When I told friends that I was going to Edmonton to taste and judge Canadian wines, the predictable response was, “Oh, icewine.” Having tasted Canadian wines during trips to Ontario and at a previous edition of the Northern Lands Festival Canadian Wine Competition in Edmonton, I knew that Canada made more than just icewine. What I didn’t know at the time, but know now, is that Canada makes sensational and unique Pinot Noir that reflect the diversity of sites where the grapes grow.
Indeed, winemakers in Canada, as a group, seem to know how to coax from the grape both subtle fruity and savory flavors –the ying/yang for which that grape is famous–far better than winemakers working with other New World sites. The alcohol levels of Canadian Pinot Noir are modest by today’s standards, rarely exceeding 14 percent. Even the ripest that I’ve tasted recently do not come close to the overdone style that I call “Pinot Syrah,” which can give the varietal a bad name in California. If Burgundians have been looking over their shoulder at Pinot Noir from California, Oregon or Central Otago and Martinborough in New Zealand, they should be checking the other shoulder because the ones from Canada will be upon them before they know it.
The two major regions for Pinot Noir in Canada are the Okanagan Valley in British Columbia, about a four-hour drive east of Vancouver, and the Niagara Peninsula in Ontario.
The Okanagan Valley, running north-south for about 100 miles, has an incredibly diverse climate and a plethora of soils, but one unifying characteristic–long hours of sunshine due to its northern location. During the height of the growing season the Okanagan receives two hours a day more sunshine than the Napa Valley, which compensates for a shorter growing season. The southern end, bordering the U.S., is desert-like (in reality it is the northern extension of Arizona’s Sonora Desert) with summertime temperatures reaching 100 degrees.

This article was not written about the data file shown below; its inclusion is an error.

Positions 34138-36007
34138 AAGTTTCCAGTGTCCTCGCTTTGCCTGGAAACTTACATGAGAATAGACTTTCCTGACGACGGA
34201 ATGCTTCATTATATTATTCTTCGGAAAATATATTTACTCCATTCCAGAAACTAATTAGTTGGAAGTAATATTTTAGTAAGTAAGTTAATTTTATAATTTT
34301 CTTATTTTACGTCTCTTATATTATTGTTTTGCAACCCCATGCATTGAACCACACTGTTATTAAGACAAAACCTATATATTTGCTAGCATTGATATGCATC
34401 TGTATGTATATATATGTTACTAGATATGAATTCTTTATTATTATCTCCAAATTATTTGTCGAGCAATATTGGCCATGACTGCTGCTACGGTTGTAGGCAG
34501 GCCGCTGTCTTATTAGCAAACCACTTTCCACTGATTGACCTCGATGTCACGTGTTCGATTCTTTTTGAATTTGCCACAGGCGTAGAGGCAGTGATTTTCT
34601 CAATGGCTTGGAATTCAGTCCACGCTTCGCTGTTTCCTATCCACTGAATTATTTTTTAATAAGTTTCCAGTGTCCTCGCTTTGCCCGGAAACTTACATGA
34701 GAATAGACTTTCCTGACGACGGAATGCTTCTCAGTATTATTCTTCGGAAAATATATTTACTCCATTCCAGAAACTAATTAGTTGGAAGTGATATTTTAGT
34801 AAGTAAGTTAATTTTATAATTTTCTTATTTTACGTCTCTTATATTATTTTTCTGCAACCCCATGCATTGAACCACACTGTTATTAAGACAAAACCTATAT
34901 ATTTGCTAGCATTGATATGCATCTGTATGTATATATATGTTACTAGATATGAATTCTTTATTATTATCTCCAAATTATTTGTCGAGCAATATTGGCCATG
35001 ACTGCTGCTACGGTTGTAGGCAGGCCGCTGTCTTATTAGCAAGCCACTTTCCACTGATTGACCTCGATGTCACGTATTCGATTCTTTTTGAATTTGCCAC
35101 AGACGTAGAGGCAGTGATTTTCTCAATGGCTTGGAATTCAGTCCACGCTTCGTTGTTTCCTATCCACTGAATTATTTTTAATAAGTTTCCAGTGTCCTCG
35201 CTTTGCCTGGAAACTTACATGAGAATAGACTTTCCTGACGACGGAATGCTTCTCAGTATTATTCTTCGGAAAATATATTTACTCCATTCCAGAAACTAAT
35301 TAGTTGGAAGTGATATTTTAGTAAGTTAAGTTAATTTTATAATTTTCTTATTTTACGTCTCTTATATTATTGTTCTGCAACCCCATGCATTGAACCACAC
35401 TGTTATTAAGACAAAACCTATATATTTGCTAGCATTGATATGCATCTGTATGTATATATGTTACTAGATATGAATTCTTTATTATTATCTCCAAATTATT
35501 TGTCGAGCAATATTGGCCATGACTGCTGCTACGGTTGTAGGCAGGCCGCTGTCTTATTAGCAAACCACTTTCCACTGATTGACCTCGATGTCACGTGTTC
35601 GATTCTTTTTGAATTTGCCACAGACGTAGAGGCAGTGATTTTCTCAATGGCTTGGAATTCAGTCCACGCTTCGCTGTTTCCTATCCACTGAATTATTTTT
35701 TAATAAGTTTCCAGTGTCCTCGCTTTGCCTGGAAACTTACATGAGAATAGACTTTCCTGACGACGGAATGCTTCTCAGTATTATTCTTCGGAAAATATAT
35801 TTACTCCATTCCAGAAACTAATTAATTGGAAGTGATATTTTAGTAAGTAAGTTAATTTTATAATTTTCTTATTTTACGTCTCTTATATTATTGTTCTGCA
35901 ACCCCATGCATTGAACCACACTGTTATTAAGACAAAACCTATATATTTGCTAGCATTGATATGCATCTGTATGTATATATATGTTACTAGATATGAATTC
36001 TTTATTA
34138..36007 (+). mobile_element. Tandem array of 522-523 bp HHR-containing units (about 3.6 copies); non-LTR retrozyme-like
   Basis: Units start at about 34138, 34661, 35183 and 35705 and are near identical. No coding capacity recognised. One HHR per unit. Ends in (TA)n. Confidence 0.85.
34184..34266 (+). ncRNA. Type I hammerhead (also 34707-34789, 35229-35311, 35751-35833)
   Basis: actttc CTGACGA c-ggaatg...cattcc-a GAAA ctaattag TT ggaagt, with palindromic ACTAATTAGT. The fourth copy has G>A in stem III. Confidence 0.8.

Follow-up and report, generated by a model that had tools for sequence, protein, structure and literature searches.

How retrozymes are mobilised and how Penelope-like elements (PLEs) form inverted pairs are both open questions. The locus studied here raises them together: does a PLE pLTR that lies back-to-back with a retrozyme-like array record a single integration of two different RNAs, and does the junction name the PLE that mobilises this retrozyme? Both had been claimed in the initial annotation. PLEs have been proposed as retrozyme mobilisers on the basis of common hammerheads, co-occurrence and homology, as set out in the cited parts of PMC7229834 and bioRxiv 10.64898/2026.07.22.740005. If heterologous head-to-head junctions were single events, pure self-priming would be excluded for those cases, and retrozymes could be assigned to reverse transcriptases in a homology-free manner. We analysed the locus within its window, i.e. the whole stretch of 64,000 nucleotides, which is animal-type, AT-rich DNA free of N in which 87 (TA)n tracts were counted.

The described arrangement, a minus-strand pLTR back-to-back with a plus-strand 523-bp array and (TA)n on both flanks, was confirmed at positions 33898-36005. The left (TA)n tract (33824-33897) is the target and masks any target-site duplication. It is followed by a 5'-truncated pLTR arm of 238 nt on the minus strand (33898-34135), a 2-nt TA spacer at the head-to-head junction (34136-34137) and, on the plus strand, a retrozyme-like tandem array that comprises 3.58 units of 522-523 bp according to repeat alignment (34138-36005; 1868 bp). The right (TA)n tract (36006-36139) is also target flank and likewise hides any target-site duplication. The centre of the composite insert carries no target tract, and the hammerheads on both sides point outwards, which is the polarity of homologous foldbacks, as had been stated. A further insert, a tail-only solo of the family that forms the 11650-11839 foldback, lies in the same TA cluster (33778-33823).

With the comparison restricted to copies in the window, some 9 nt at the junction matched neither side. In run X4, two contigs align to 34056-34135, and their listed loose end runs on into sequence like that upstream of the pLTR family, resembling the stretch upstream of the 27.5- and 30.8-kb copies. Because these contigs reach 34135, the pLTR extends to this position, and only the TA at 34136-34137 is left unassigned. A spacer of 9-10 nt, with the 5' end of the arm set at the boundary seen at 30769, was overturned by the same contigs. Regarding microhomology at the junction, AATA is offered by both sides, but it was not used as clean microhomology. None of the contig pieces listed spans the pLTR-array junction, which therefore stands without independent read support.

Not surprisingly, Pinot Noir, which thrives in a cool, even marginal, climate, doesn’t do well there. However, 60 miles to the north, in Okanagan Falls and further north in Kelowna, the conditions are perfect for that fickle grape. Pinot Noir does best in climates where sugar and phenolics (skin and seed tannins) ripen at the same time, something that occurs in the northern part of the Okanagan, just as in Burgundy. The whole valley, north and south, has extraordinary diurnal temperature variations–up to 30 degrees, which helps explain why the grapes hold their acidity, imparting freshness and liveliness to the wines.
From a winegrowing point of view, the Okanagan Valley is young. In 1990, when it received official VQA status from the Canadian authorities in British Columbia (the equivalent of the French AOC), roughly 1,200 acres were planted to vines. By 2014, there had been a 700 percent increase in vineyards, with about 8,500 acres planted. The numbers for Pinot Noir are striking–an 80 percent increase in plantings over eight years, 2006 – 2014, outstripping new plantings of every other red variety. The number of wineries has also ballooned from fewer than 20 in 1990 to over 200 in 2014. Many winemakers told me that the Okanagan has been a quality wine-producing area for only the last decade.
I’ve seen (or rather tasted) the steep learning curve that has accompanied the proliferation of vineyards. Two years ago, at Northern Lands, Canada’s largest all-Canadian wine and culinary festival, which brings together chefs and winemakers from all over Canada, my impression after tasting scores of Pinot Noir was that these were okay wines, but nothing unique or exceptional. Now, just two years later, my viewpoint is entirely different–these Canadian Pinot Noir make you sit up and take notice.
David Paterson’s 2014 Tantalus Pinot Noir from the Okanagan Valley shows just how far he’s come in two years. The 2014 had far more polished tannins and a more elegant savory profile erasing the rusticity of the 2012. Paterson attributes the change to the vines being two years older, which may not seem like an eternity, but two years on the life of an eight-year-old vine represents 25 percent of the vine’s life. Additionally, Paterson is certain that he knows the vineyard better over the last two years and has refined his techniques in the cellar as a result.